State Line Road is the boundary that separates the Texas and Arkansas sides of Texarkana, the border town that illustrates so many contrasts between the Lone Star and Natural states.
When it comes to job growth, Texas remains ahead of its regional competition for now. But policymakers there should remember it takes more than low taxes to keep the economy healthy. There’s also the matter of reforming the educational system.
The last time we visited State Line Road — in May of 2007 — the story was that “employment growth in Texas has been significantly higher than in Arkansas during periods of economic expansion,” in part owing to the fact that Texas imposes taxes on neither income nor capital gains. Eight years later, the fiscal picture has changed little.
True, freshman Arkansas governor Asa Hutchinson has emphasized the need to reduce income-tax rates, and succeeded in cutting the top rates for middle-class Arkansans. However, Arkansans with a net taxable income greater than $75,000 did not see their taxes cut, despite a $192 million surplus in the fiscal year that ended last month.
Arkansas cannot compete with Texas when it doesn’t use surpluses to further reduce rates. In the current expansion, which began in June 2009, Texas has created new jobs at a rate more than triple Arkansas: 14.6 percent to 4.2 percent. This is an even bigger gap than there was before.
But there is one important area where Texas trails Arkansas. Arkansas Republicans in 2015 enacted school choice, a policy their Texas counterparts considered but did not approve.
Arkansas Republicans in 2015 enacted school choice, a policy their Texas counterparts considered but did not approve.
Hutchinson did not campaign on private-school choice in 2014, but the issue emerged in this year’s session with grassroots support for helping students with disabilities. Opposition to choice wilted without a real fight.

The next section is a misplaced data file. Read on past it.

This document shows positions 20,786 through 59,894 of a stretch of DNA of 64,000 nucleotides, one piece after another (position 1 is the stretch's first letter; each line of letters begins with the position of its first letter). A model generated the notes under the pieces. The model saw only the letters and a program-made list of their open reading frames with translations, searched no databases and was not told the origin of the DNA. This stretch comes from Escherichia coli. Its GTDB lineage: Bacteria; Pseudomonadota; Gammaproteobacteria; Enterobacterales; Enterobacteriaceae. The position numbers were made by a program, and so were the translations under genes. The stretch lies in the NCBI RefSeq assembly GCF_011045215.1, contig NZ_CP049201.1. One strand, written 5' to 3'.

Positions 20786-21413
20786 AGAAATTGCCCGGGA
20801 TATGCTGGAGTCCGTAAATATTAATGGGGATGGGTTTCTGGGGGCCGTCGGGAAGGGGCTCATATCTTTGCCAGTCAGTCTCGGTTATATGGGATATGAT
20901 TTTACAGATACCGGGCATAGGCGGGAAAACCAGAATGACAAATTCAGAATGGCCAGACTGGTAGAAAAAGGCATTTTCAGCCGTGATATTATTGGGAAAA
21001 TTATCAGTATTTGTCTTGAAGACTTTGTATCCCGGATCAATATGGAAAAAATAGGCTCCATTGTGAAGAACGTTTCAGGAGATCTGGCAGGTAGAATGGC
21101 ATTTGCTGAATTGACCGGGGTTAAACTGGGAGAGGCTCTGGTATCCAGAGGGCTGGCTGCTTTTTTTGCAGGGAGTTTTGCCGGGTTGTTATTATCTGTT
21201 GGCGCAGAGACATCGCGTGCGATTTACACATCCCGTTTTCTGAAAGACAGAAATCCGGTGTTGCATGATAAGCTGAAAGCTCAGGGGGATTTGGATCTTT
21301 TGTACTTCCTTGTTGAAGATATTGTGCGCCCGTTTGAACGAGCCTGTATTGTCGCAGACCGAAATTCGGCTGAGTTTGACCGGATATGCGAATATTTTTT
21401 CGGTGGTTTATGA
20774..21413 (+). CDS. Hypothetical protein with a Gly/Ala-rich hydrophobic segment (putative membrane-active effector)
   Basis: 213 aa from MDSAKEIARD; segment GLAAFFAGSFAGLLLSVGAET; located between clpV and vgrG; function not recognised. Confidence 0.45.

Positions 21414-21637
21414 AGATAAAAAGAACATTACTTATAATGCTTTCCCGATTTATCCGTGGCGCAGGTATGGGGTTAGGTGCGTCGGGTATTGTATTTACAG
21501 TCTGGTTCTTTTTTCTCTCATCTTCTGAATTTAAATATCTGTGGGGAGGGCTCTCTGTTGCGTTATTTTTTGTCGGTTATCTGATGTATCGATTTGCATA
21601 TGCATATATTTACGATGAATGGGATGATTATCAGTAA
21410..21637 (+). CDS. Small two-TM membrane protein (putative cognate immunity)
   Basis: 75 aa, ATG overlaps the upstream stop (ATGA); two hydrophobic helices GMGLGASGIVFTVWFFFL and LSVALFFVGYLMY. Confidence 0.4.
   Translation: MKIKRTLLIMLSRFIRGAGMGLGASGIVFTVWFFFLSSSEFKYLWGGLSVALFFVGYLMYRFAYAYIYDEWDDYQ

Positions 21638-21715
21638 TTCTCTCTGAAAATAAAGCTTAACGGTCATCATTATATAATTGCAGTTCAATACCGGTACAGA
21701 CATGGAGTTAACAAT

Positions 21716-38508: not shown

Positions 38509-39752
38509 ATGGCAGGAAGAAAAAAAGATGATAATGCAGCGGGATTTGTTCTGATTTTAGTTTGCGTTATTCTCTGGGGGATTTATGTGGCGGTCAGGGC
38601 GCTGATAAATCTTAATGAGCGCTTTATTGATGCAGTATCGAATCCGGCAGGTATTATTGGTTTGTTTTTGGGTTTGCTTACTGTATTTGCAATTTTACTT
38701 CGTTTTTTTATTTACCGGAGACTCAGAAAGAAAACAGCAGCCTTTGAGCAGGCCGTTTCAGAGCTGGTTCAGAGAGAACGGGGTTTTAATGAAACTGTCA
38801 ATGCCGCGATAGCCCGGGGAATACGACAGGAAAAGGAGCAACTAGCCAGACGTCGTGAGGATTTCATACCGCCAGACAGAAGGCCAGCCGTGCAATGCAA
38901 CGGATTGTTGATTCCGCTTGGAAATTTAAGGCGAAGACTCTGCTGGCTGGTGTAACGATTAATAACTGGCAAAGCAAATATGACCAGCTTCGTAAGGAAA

School choice is important because a skilled work force is a factor of economic development, alongside tax rates, infrastructure, property rights, the rule of law, and a non-arbitrary regulatory climate. Arkansas’s adoption of private-school choice acknowledges there are problems in the K–12 public-school system, a delivery network to the work force.
Three states that border Texas have school-choice programs. These are Arkansas, Louisiana, and Oklahoma. Six other states west of the Mississippi have passed the reform, including Arizona, a leader in this area that provides six separate school-choice programs to students. (These range from individual and corporate tax credits to empowerment scholarship accounts.) Nationwide, 28 states have school choice.
There is also a human dimension to the latest State Line Road story. A student with a disability enrolled in a public school for at least one year on the Arkansas side of State Line Road will have the choice to receive a voucher to attend a private school in 2016. A similar student on the Texas side will not have that opportunity.
Dependents of active-duty military personnel on the Arkansas side will enjoy the same choice. Their Texas counterparts will not unless school choice advances.
Texas, for the time being, is likely to continue outpacing Arkansas in terms of job creation. But Arkansas — and Louisiana and Oklahoma — have leapfrogged ahead in educational policy, which will have ramifications down the road.